I first want to apologize that everyone was left hanging yesterday afternoon. The servers that host this blog were down yesterday afternoon through late last night and I was unable to post an update.
The surgery ended up lasting right at 12 hours. Dr. Foster visited us in the waiting room around the 8th hour to say that they had completed the cancer removal and it was very good news. They were able to remove all visible cancer from her abdominal cavity. Although there was a lot of disease spread throughout - even more than all the scans had shown over the past several months - it wasn't anything they couldn't handle. As far as effected organs, they ended up removing 30% of her colon, 20% of her small intestine, a lymph node near the colon, her appendix, a portion of her omentum (a protective, fatty "sheet" that drapes over the intestines), and both of her ovaries. Dr. Foster admitted that their success suprised him and prior to surgery they had real concerns about being able to get all of the visible cancer. The only bit of bad news was that the nodules on her liver do seem to be cancer. We were already aware that she had some superficial spots, but the two that were thought to be cysts now need to be treated as cancer. They did nothing with the liver due to concerns that extensive liver work would create potential complications that she really didn't need to deal with right now. However, these spots have been there since she was first diagnosed and have not grown or spread. Her favorable reaction to her chemo treatments the past 3 months leads them to believe that the additional chemo following her recovery could be all she needs to clear things up. If that isn't the case, another surgery may be necessary or they could use other methods such as radiofrequency ablation (cutting the tumor out with radio waves of a certain frequency).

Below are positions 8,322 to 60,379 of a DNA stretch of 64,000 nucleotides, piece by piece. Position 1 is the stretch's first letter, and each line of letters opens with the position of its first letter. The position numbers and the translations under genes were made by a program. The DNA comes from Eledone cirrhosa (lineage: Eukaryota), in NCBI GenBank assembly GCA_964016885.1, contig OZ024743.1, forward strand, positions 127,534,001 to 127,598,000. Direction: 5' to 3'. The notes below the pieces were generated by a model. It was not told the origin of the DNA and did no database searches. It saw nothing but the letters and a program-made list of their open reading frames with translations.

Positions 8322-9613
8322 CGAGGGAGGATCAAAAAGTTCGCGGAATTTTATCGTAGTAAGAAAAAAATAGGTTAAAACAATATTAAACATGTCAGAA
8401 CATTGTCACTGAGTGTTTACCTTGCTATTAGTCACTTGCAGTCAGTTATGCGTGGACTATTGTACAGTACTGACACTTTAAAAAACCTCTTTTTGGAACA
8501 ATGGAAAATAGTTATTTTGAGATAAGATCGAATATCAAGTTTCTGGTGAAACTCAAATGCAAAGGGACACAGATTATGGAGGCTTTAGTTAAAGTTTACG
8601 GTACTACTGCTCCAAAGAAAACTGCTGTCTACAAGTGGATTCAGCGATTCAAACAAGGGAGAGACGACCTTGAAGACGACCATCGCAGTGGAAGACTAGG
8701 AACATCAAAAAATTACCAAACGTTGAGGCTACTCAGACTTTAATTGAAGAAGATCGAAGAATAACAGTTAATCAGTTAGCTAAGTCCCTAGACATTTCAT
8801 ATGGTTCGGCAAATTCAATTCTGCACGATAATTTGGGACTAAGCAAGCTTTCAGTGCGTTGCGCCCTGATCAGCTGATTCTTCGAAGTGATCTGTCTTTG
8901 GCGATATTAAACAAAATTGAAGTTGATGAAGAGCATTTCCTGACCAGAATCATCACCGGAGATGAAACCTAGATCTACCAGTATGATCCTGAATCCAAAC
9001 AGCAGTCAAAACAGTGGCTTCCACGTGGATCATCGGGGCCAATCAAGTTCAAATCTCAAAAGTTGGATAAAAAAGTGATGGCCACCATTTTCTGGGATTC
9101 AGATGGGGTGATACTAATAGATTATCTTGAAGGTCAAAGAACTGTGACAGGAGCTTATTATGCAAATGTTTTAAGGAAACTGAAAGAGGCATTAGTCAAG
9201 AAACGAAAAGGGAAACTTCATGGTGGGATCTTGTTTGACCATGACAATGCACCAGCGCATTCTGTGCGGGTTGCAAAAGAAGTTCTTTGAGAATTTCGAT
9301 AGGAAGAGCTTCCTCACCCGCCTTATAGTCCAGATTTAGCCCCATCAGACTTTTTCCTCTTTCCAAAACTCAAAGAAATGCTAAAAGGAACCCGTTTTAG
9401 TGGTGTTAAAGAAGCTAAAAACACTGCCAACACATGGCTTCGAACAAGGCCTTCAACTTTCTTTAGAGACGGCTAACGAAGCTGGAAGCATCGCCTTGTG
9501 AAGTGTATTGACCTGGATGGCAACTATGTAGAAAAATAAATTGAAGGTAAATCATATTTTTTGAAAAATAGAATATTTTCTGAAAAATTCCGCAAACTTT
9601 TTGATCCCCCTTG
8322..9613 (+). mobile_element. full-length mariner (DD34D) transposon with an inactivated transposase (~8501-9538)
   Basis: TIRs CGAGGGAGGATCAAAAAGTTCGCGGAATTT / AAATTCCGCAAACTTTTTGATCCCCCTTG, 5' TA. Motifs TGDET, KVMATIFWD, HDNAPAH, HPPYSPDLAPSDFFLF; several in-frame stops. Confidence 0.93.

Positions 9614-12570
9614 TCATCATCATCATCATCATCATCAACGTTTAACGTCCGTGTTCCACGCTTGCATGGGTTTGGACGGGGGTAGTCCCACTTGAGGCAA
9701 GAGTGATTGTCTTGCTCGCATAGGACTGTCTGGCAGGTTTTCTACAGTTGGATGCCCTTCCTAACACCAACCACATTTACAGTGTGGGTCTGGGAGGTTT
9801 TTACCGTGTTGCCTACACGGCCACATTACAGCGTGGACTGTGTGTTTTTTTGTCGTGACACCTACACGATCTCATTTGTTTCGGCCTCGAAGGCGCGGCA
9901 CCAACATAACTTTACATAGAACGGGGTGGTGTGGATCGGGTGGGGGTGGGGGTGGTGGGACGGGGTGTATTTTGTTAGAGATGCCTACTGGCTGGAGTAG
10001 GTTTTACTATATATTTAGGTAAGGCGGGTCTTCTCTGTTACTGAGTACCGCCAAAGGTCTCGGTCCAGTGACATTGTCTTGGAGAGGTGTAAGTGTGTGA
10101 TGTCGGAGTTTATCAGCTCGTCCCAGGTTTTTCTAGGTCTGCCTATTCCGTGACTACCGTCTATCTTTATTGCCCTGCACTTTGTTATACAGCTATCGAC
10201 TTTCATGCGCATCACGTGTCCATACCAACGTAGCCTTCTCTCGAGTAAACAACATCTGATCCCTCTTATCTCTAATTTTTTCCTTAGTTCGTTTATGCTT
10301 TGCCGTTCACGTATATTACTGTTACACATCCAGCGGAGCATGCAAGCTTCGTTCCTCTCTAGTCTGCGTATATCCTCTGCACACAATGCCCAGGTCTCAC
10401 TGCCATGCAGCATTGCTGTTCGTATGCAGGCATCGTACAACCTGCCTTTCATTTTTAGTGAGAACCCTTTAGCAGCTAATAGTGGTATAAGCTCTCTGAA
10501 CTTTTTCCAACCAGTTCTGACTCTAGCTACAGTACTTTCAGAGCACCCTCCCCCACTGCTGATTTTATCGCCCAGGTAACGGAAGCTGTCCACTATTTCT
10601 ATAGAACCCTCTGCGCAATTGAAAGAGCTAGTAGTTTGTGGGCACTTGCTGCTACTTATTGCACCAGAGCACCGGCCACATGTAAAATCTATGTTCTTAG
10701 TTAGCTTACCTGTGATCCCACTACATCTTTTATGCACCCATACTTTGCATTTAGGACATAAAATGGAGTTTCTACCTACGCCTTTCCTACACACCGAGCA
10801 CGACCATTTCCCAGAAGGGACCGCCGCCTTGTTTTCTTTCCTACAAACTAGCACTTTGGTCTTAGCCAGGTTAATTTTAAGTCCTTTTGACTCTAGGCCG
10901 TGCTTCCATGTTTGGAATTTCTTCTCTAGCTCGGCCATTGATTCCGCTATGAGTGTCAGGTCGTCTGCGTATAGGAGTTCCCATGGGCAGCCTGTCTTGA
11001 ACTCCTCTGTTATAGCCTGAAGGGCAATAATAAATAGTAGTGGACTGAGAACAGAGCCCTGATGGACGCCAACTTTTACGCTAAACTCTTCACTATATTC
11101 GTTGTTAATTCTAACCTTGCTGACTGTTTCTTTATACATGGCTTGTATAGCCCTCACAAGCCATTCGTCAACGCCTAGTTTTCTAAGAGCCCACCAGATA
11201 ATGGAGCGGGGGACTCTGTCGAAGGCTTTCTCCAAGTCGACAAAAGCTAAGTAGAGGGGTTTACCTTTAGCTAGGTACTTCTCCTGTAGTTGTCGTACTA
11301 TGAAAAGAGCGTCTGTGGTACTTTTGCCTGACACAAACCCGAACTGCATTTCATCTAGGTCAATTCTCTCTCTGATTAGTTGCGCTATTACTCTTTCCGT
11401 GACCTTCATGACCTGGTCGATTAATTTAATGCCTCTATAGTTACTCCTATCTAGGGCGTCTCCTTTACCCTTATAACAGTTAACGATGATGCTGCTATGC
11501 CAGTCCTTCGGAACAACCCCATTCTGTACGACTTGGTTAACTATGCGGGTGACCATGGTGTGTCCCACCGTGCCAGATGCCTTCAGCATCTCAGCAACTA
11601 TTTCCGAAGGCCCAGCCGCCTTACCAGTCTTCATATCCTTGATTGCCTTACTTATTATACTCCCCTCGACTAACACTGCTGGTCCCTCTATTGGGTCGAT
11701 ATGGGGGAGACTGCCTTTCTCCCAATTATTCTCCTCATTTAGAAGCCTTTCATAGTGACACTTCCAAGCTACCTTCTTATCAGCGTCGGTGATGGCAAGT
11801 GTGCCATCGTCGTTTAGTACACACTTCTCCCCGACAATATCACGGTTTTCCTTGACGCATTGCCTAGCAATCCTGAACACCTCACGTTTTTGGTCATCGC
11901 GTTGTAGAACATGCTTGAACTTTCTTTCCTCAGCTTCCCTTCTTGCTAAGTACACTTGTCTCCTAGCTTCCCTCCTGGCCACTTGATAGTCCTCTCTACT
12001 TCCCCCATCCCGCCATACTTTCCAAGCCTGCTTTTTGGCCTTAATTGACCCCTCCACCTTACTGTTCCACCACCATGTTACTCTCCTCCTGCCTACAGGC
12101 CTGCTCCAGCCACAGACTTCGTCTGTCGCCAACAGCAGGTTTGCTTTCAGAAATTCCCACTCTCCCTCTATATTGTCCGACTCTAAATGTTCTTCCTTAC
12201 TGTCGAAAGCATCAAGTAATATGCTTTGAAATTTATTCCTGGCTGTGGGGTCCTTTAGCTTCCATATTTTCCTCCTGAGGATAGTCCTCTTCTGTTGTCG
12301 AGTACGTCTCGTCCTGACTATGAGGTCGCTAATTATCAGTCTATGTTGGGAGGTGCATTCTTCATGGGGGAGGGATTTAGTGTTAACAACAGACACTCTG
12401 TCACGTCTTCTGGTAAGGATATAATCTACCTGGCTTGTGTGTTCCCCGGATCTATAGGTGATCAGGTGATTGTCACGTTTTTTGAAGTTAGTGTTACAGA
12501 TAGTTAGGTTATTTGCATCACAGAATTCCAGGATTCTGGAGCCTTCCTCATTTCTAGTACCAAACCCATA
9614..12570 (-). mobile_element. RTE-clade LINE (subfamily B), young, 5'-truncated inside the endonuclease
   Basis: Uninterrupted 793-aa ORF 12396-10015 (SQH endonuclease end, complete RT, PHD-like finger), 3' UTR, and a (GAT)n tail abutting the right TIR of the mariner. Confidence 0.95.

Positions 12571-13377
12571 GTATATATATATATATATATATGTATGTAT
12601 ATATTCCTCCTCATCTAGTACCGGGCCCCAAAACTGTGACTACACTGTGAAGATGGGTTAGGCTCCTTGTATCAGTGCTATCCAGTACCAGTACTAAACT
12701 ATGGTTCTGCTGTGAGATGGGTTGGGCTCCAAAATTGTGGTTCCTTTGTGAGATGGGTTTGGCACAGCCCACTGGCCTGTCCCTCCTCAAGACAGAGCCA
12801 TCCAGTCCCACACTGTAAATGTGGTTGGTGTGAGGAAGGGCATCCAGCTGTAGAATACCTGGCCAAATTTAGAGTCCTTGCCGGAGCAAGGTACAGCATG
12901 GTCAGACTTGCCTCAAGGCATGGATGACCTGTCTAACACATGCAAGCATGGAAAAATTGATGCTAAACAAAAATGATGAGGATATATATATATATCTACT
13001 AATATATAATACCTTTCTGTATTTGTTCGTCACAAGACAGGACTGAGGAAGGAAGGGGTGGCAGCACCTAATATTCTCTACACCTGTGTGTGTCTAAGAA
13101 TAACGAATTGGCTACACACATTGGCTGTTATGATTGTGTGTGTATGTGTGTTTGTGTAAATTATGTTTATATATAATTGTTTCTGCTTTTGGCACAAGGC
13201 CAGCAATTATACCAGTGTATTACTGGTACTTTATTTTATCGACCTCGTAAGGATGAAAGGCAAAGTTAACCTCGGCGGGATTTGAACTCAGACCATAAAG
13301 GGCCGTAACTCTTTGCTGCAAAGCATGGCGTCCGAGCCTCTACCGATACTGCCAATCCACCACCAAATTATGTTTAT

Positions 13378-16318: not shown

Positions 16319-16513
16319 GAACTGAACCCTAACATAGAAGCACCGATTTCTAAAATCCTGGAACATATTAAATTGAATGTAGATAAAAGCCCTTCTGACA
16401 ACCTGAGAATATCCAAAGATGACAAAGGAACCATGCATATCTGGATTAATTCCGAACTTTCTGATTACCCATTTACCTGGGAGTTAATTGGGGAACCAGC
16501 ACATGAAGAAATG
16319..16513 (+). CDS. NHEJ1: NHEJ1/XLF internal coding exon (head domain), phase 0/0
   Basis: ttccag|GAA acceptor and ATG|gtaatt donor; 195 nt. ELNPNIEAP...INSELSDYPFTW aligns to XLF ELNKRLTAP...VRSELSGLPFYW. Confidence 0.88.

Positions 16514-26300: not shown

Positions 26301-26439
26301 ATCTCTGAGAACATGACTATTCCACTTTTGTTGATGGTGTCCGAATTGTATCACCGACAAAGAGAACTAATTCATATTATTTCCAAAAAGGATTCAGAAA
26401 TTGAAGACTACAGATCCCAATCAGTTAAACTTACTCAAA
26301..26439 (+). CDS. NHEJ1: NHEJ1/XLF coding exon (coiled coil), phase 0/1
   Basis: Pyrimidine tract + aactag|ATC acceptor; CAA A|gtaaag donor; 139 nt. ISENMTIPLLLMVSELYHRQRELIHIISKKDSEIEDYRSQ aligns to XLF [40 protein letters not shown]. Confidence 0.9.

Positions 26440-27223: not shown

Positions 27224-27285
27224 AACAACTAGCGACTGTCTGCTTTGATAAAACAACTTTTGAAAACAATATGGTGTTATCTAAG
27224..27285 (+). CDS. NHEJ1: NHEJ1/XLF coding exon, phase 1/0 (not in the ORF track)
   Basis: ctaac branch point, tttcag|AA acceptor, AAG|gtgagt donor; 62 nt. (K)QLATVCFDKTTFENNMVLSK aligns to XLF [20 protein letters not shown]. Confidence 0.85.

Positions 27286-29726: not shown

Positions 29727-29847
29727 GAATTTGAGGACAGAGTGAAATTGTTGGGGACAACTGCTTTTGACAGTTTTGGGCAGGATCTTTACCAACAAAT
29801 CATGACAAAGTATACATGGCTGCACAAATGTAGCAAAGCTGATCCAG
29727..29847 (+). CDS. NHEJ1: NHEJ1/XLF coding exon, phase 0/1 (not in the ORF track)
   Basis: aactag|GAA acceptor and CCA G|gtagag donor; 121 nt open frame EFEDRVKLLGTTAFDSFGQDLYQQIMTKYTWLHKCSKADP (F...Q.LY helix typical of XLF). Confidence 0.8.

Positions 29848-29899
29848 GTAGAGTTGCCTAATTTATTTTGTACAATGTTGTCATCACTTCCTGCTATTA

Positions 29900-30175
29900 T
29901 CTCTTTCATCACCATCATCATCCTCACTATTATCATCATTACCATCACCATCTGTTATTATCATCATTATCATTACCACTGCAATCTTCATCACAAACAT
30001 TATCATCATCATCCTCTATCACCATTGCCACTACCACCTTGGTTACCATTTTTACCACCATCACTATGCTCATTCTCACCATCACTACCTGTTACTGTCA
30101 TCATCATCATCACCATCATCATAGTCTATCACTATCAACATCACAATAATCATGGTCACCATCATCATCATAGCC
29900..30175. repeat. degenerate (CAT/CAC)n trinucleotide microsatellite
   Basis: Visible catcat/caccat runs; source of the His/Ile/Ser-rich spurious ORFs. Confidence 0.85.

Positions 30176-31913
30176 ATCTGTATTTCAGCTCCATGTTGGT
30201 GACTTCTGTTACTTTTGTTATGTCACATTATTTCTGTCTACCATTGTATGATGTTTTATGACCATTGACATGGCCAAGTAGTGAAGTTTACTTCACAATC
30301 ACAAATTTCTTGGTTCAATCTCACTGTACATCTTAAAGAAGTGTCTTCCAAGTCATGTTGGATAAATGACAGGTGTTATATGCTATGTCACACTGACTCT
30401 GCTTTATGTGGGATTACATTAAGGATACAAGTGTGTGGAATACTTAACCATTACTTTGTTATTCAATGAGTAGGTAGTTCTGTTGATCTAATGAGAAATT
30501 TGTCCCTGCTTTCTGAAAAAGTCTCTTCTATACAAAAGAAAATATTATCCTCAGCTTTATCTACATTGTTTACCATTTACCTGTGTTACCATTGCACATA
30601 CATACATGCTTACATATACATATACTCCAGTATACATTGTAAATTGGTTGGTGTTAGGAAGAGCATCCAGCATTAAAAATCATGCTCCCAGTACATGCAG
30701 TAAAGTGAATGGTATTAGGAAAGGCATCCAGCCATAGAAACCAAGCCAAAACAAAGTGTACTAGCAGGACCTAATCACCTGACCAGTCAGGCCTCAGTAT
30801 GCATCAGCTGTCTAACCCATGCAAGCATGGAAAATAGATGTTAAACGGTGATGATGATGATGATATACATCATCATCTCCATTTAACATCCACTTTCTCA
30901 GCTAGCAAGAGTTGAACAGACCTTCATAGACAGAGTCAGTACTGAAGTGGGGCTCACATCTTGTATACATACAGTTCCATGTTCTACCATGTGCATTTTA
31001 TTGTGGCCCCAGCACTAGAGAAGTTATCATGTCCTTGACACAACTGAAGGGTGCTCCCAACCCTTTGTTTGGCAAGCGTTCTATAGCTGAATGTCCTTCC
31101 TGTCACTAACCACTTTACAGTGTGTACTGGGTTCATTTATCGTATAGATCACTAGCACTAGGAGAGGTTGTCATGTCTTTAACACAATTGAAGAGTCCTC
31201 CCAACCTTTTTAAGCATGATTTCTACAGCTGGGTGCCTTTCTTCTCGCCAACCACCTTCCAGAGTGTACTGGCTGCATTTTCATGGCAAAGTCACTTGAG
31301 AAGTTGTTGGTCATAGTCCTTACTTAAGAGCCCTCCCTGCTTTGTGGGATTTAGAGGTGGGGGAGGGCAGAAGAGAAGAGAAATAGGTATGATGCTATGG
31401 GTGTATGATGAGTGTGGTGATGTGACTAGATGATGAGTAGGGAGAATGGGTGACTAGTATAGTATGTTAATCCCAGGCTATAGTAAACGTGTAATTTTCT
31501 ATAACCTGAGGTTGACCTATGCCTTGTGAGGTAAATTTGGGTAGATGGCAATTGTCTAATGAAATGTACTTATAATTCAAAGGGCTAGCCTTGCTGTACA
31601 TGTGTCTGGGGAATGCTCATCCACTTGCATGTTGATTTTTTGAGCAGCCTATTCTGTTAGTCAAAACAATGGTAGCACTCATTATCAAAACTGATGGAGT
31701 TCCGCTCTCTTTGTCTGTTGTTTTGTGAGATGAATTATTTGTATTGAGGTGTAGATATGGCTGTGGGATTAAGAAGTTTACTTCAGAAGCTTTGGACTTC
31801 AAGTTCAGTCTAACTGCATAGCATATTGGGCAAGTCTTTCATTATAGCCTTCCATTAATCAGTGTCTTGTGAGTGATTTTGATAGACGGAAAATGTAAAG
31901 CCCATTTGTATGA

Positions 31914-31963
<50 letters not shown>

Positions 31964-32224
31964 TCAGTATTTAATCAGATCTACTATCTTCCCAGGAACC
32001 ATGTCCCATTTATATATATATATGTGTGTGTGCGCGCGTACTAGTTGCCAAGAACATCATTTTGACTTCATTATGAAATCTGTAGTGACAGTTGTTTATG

Her abdomen was flooded with a 2 hour infusion of heated chemo and then the doctors went back in and tidied everything up. Around 8:30 PM Dr. Loggie stopped in the waiting room. The man is nothing short of a genius and to have him say that things went very well was such a relief. He is a man of few words, but what he said was very comforting: "We caught a break today...Jennifer deserved a break...I am very pleased." He also told us in a matter-of-fact tone that the liver is very treatable and they'll take care of it. Shortly after, Dr. Foster stopped back in with a smile and said that the respirator was removed and she was being moved to ICU. Needless to say, we gave him a standing ovation and lots of thank you's.
Right around 9:00 PM I nervously stepped into the ICU. Considering what she had endured, Jen looked fantastic. She was alert and smiling. She's hooked up to a PCA (patient controlled analgesia) pump of morphine and able to control her own pain. The ICU nurses are excellent and at least through Friday she'll receive one on one care. Jan and Dennis both visited briefly with her also, and they agreed that she looked great. Even with the extensive amount of surgery she had, the nurses mentioned that they will attempt to get her out of bed on Wednesday to move around.
I brightened Jen's evening by telling her that everyone back at home was keeping up on what was going on and the blog had over 1000 hits during the course of her surgery. That's amazing!